GOTHIC 3 (preview)

PUBLISHER: Aspyr DEVELOPER: Piranha Bytes GENRE: RPG AVAILABLE: September 2006
GAME PREVIEW

WHEN THERE ARE NO OBLIVION GATES LEFT TO CLOSE AND YOU CAN’T BE BOTHERED WITH
those pesky “other people” in MMOs, where’s a roleplayer to turn next for his free-form fi x? The
hardcore RPG cognoscenti have their palantíri fi xed on German-born Gothic 3, heir apparent to
Oblivion and cult-favorite series among the illuminated. But how does this third iteration stack up to The
Elder Scrolls? Producer Michael Paeck helps us count the ways.
Bugged that Lord Porridge the Bedeviler, boss monster from your favorite MMO, seems to have infinite heads to turn in? In single-player RPGs, actions can have real, world-changing consequences.
Previous Gothic games were huge hits in their native Germany but tanked in the U.S. Paeck attributes that to poor localization and general market differences.

A DRAGONFLY FLAPS ITS WINGS IN THE DESERT, AND AN UPRISING FAILS IN NORDMAR

THE WAY OF THE WILL
While Oblivion’s “Radiant” A.I. boasted NPCs with needs and goals, most players never saw much more than folks strolling around town with fi erce determination. “Although the NPCs in Oblivion follow a daily routine,” says Paeck, “most of them just stand around or walk from Point A to B.” Gothic 3’s A.I. purports to go beyond mere Radiance: “We believe that the variety
of the daily tasks that NPCs perform in Gothic 3 is much higher—from smiths creating weapons, selling items, and sharpening their swords to tavern owners sweeping the fl oor and serving guests, among other things.”

But the A.I. deals in more than just individual motivation—it also covers pack communication. If you act like a loot-stealing, peasant-slaughtering fool in one town, expect word of your actions
to spread to the next. Paeck describes the RPG equivalent of chaos theory: “You get into a fi ght with a drunken barbarian and knock him down. As a consequence, his friends seek you out later to discuss the matter, and you teach them a lesson. Much later, you travel north and come to a
village, which turns out to be the drunken barbarian’s hometown. People there realize that you’re the guy who knocked down their cousin, because news of the incident traveled. They probably won’t like you, and they may be afraid of you. On the other hand, you gained the respect of this village’s local chieftain, who exiled this particular troublemaker long ago. Had you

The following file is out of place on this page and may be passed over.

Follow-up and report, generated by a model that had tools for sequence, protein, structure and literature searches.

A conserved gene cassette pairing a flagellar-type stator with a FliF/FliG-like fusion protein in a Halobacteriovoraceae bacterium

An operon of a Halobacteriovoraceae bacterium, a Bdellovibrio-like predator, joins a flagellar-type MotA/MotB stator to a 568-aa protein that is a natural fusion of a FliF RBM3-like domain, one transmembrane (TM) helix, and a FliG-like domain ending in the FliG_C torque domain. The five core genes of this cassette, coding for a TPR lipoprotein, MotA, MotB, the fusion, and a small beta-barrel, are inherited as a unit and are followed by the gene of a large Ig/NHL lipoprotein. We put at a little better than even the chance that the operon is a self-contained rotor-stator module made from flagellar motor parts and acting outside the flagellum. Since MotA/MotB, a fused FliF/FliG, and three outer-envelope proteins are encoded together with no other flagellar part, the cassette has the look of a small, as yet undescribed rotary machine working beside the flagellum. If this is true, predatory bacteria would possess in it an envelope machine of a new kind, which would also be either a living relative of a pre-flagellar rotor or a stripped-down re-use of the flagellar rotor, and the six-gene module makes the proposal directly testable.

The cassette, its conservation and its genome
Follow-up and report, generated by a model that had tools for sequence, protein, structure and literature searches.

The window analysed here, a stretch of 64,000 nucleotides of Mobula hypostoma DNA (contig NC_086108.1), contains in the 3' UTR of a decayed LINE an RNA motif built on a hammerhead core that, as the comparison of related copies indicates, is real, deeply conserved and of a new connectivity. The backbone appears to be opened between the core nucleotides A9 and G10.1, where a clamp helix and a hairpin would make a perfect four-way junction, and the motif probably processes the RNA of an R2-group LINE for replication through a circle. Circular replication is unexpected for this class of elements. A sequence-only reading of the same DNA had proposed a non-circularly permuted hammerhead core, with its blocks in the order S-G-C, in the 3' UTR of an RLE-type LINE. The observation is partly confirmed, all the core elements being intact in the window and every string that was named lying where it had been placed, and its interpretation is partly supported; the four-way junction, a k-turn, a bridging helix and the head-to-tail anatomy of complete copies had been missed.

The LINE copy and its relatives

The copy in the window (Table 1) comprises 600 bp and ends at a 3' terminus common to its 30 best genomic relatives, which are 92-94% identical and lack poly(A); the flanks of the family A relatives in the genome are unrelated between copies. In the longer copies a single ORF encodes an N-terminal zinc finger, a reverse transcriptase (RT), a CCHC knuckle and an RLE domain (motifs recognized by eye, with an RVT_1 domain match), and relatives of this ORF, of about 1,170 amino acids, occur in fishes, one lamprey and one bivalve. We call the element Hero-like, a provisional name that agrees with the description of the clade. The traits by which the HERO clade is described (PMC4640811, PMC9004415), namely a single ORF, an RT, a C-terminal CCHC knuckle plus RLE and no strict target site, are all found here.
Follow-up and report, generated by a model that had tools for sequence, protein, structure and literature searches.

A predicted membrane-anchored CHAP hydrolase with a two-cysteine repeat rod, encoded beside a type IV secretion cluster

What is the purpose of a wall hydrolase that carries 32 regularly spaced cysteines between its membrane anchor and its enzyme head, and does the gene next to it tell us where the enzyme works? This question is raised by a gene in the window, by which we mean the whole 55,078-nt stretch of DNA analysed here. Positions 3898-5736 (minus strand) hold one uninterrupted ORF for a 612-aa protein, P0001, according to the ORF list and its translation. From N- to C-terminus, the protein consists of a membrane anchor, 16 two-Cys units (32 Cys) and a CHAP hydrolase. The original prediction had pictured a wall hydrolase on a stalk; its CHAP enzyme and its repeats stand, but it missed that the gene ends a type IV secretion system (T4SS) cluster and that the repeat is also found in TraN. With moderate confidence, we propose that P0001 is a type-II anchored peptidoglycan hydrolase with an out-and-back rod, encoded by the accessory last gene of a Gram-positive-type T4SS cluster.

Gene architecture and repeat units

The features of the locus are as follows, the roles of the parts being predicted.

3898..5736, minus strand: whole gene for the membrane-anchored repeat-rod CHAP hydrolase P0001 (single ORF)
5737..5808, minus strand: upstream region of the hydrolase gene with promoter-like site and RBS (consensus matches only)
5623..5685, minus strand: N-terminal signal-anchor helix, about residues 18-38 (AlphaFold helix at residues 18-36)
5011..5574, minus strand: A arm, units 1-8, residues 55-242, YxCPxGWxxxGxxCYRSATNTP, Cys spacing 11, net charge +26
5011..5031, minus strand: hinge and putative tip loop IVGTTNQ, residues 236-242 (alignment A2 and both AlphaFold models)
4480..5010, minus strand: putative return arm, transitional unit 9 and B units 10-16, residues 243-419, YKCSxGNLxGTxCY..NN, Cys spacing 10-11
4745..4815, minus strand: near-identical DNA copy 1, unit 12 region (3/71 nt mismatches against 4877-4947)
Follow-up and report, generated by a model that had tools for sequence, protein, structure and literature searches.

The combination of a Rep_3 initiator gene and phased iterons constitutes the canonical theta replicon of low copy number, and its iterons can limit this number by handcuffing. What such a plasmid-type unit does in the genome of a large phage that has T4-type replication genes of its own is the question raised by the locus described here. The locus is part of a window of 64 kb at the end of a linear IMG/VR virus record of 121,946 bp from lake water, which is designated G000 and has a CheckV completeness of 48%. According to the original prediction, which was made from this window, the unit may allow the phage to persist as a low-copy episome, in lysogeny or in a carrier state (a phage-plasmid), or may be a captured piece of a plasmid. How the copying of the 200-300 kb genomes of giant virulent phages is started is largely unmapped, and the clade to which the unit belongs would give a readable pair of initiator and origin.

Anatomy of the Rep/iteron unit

taken different actions with this barbarian, the interaction with the villagers would likely be different.” A dragonfl y fl aps its wings in the desert, in other words, and an uprising fails in the mountains of Nordmar..

THE WAY OF THE WARRIOR
As in Oblivion, combat is action-oriented; unlike those in Oblivion, Gothic’s battles are designed to be fought from third-person with soft-lock targeting. The left and right mouse buttons control a variety of attack types (quick, normal, heavy, jump, stab), while hotkeys switch among spells, ranged weapons, and melee confi gurations. Freedom is the watchword for character development; players don’t choose a class, but rather develop based on play style. “Our system supports players who want to focus only on being a pure, weaponless mage, pure fi ghter, pure thief, or those who want to be well-rounded,” says Paeck. “The hero can also learn how to sneak into houses and pick locks or how to sneak near animals to become the perfect hunter. The catch is that the player must fi nd the right trainers and convince them that he’s worthy.”

THE WAY OF THE WORLD
As anyone who’s hoofed it across Cyrodiil will tell you, the landscape of Oblivion isn’t mottled with intense variety— gray medieval towns, blue elven ruins, green forests, repeat. Gothic 3’s world is smaller and cozier, but it’s divided into three distinct regions, each with its own visual and gameplay nuances.

The Middle Realm Lush forests, narrow passages, torrential downpours, and a little bit of magic defi ne the Middle Realm. “Each of the three regions contains new tribes and factions with their own philosophies and goals,” says Paeck. There are no clearly “good” or “evil” factions in Gothic 3’s world—just parties with different views. Varant “The wide-open spaces of the desert emphasize a sense of isolation as you’re searching for the next town or oasis,” says Paeck of Gothic 3’s Arabian-influenced southern realm, ruled by the Hashishin tribe. Players can pick up
certain skills only in specifi c areas of the world. Only the Hashishin, for example, can teach how to fi ght with two swords. Nordmar Harsh mountain terrain, cliffs, and heavy snowfall mark the Nordic-inspired country to the north. “There are only a few small paths leading through the mountains of Nordmar,” says Paeck.

“Thus there are no ways to avoid your opponents—you have to face them. But of course, it’s easier to push enemies over the edge of a cliff.”

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